Chronic depression is a state hard to explain to those who have not experienced it first-hand. Even your nearest and dearest, your loyal support system, remains in the dark much of the time, innocent victims of your inability to articulate your situation.
Chronic depression is insubstantial — there’s nothing much there to sink your teeth into. My depression tends to ebb and flow. In bad times, it is like a thick smoke that surrounds me. It wraps around me, obscuring vision, hearing and smell. It suffocates anyone in the vicinity. It blots out all thought except the one, “I am here because I can’t escape. Why am I alive? There is no hope for me.”
In good times, the times that I wait for, long for, and work towards — in those times, my depression is like a shadow. At my feet, harmless but inescapable. How do you hope to escape from your own shadow?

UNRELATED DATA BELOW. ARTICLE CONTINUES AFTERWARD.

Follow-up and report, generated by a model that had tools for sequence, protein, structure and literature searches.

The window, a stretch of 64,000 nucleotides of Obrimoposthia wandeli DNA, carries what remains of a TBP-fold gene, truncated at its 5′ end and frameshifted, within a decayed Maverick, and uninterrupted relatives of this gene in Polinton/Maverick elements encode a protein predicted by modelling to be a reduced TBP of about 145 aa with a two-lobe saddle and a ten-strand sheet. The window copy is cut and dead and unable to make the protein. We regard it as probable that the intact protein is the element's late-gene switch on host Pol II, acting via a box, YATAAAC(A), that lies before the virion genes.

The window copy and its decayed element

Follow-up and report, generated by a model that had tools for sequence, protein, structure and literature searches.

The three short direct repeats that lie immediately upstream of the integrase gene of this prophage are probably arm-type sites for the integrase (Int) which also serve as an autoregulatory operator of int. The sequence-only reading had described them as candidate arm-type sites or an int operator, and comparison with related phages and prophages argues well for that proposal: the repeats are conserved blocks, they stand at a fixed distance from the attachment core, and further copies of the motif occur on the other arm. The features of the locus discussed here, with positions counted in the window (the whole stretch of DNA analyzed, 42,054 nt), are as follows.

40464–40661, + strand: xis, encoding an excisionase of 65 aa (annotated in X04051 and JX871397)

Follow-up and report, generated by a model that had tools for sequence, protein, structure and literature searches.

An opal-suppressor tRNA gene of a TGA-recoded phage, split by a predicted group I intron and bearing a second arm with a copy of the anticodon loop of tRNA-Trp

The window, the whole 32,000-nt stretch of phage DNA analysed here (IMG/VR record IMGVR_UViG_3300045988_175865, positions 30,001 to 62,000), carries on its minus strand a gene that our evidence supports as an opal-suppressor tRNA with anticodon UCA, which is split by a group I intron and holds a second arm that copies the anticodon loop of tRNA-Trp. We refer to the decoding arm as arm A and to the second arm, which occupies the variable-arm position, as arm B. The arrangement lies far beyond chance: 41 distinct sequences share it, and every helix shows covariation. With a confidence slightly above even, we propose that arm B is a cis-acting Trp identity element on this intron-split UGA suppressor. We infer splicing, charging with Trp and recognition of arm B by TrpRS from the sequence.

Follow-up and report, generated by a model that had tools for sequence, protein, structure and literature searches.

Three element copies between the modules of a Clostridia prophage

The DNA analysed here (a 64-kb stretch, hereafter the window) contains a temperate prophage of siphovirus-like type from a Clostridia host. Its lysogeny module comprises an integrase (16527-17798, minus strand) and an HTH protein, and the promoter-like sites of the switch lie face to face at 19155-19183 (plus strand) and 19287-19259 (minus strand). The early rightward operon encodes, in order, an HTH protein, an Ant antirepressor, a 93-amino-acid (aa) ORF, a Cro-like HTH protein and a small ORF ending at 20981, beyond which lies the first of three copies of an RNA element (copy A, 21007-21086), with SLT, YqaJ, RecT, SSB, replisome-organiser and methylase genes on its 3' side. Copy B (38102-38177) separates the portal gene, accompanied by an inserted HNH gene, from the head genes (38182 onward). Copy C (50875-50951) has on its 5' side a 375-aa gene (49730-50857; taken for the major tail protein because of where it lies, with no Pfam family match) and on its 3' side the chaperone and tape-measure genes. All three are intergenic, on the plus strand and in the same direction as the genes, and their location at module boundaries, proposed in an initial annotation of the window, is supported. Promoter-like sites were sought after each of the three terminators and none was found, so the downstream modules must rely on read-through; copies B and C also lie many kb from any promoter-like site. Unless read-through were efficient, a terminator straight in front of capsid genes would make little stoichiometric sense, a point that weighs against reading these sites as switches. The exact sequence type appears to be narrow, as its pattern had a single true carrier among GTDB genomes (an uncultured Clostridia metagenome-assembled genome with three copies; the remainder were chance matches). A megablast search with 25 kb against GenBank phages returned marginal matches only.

I’ve had more than twenty years of experience dealing with this now. Many a time have I thought, “I’ve done it! I’m free! I’m cured!” But like a ghastly phoenix, my depression rises from its own ashes and surrounds me again. Like a snake lying in wait, it raises its hood and strikes in deathly silence. And like a lover whose trust has been shattered one time too many, I have stopped hoping.
There is no cure, there is no escape in this lifetime. Instead, there are masks, and crutches, and routines, and some day, I hope, acceptance.